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RIGHTS-US: UN Hears Complaints of Justice System's Racism

By Gustavo Capdevila

GENEVA, Aug 14 (IPS) - United States-based human rights organisations have requested United Nations (UN) intervention in confronting the racial discrimination they say guides the rulings issued by the country's criminal justice system.
They also recommend that the UN send a special rapporteur mission to the United States and include the issue on the agenda of the World Conference Against Racism, Racial Discrimination, Xenophobia and Related Intolerance - to be held next year in South Africa.

In a document called ''A Call to Action'' the group of US institutions and personalities asks the international forum to exhort the US government to honour the obligations contracted as a signatory of international human rights treaties.

The United States, to comply with the International Convention on the Elimination of All Forms of Racial Discrimination, of which it is a party, ''must remove its reservations and submit timely and accurate reports specifically noting the issue of racial discrimination and race bias in the criminal justice system,'' say the petitioners.

The nations that signed the international convention must present periodic reports on their compliance with the accord to an oversight body, the Geneva-based UN Committee on the Elimination of Racial Discrimination (CERD).

The petition, also signed by US academics, artists and cultural figures, proposes that the UN investigate complaints of racial discrimination and the race bias of their nation's criminal justice system.

Racial profiling - using race in presuming guilt without proof of criminal conduct - is wielded against people of colour in their daily lives, at international ports of entry, on the road, in schools and on the street.

The statistical evidence presented by the petitioners shows that automobile drivers from the African-American community are disproportionately detained by authorities for minor traffic infractions, allegedly because officers assume such individuals are likely to be involved in more serious crimes.

In Maryland state, 70 percent of the drivers pulled over by police on interstate highway 95 from 1995 to 1997 were black, but just 17.5 percent of all cars on that roadway are driven by people from the black community.

In Florida state's Volusia County, 70 percent of those stopped by police on the interstate highway are black or Hispanic, despite the fact that only five percent of the drivers belong to those two groups, according to the petition.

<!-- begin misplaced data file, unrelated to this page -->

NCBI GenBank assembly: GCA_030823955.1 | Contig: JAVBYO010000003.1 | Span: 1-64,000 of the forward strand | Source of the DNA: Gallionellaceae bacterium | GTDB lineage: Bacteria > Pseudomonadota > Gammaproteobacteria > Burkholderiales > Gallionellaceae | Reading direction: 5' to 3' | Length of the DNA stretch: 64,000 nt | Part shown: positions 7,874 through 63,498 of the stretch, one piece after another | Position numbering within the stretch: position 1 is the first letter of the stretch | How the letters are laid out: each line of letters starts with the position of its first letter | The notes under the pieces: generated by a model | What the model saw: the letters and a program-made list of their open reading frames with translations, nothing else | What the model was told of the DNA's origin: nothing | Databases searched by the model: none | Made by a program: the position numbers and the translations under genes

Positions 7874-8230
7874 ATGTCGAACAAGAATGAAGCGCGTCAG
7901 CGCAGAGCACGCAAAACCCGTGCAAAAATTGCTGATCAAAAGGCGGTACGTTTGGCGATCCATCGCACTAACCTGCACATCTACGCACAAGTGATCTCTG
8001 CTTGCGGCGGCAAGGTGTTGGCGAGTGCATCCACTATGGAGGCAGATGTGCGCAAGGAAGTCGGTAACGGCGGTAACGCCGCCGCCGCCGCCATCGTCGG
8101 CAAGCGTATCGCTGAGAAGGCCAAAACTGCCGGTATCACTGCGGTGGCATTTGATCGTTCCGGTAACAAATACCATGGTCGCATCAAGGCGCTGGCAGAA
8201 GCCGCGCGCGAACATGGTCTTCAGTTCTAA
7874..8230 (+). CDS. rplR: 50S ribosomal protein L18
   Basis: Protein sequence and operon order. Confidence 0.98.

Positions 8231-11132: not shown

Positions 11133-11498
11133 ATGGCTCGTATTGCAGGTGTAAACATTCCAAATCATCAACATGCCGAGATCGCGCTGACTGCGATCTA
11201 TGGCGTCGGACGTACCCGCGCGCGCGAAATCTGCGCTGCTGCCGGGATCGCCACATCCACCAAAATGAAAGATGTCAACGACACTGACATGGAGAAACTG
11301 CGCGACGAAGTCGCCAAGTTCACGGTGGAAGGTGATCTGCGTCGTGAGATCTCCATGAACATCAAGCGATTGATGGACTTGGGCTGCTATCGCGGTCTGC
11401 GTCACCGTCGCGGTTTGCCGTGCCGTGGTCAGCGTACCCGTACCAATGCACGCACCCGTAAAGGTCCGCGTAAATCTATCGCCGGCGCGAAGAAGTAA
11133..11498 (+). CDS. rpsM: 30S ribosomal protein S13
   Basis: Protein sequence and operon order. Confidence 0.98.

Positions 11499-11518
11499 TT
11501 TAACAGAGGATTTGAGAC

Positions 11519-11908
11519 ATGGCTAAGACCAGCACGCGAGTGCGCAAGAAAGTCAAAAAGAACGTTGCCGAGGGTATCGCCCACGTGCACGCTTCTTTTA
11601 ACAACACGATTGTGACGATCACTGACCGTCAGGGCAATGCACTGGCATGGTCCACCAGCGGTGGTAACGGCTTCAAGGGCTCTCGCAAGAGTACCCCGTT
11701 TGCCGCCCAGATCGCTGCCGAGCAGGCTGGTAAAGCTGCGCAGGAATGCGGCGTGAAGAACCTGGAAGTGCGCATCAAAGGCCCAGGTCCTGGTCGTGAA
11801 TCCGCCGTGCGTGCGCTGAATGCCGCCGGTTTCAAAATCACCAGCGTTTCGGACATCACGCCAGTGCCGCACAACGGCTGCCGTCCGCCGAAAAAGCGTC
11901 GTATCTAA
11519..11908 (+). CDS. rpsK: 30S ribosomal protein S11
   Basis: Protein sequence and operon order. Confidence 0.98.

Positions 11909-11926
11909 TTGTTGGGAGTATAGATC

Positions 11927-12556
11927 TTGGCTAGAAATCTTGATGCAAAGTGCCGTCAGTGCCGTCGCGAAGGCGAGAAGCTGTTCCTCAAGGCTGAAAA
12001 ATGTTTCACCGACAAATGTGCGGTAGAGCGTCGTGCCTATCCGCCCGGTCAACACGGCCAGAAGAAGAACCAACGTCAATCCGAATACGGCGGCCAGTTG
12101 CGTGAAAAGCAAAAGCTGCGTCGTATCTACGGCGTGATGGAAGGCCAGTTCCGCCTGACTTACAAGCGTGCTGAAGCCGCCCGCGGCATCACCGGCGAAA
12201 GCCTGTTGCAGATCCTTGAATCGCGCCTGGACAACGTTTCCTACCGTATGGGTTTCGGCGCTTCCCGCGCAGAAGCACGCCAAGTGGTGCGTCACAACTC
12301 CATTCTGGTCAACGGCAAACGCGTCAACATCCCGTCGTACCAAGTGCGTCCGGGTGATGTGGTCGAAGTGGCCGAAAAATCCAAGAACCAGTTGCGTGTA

Racial differences in criminal sentencing and imprisonment have increased to the extent that, in the United States, African- American men represent 50 percent of the country's total prison population, though make up only six percent of the total US population.

A study by the New York criminal justice services division about the sentences handed down in that state from 1990 to 1992 concluded that, given the same crime, black suspects were found guilty more often than whites.

When it comes to the death penalty, there is overwhelming evidence that its application in the United States is tainted by race and class prejudice, according to the document presented before the UN human rights organisations.

Of the inmates waiting on death row in the nation's prisons, 42 percent are African-American, while 80 percent involve crimes in which the victim was white.

In the United States, women of colour - subject to racial discrimination as well as gender discrimination - are especially vulnerable in the economic, social, cultural, civil and political spheres and face deep inequalities in the criminal justice system.

The US organisations and personalities presented the ''call to action'' before two UN organisations, the CERD and the Sub- Commission for the Promotion and Protection of Human Rights, during sessions underway this month in Geneva.

The US groups were represented by Julian Bond, president of the National Association for the Advancement of Coloured People, Wade Henderson, director of the Leadership Conference on Civil Rights, and Mary Frances Berry, president of the United States Commission on Civil Rights.

Bond pointed out that, in 1947, US human rights groups had appealed to the UN to denounce the racism permeating vast sectors of US society.

Many of the demands presented 53 years ago have yet to be resolved, though great strides have been made in several areas since then, he said.

The US criminal justice system is sharply marked by the unequal treatment of minorities at each stage of the legal process, maintain the human rights petitioners. (END/IPS/tra-so/pc/ff/ld/00)



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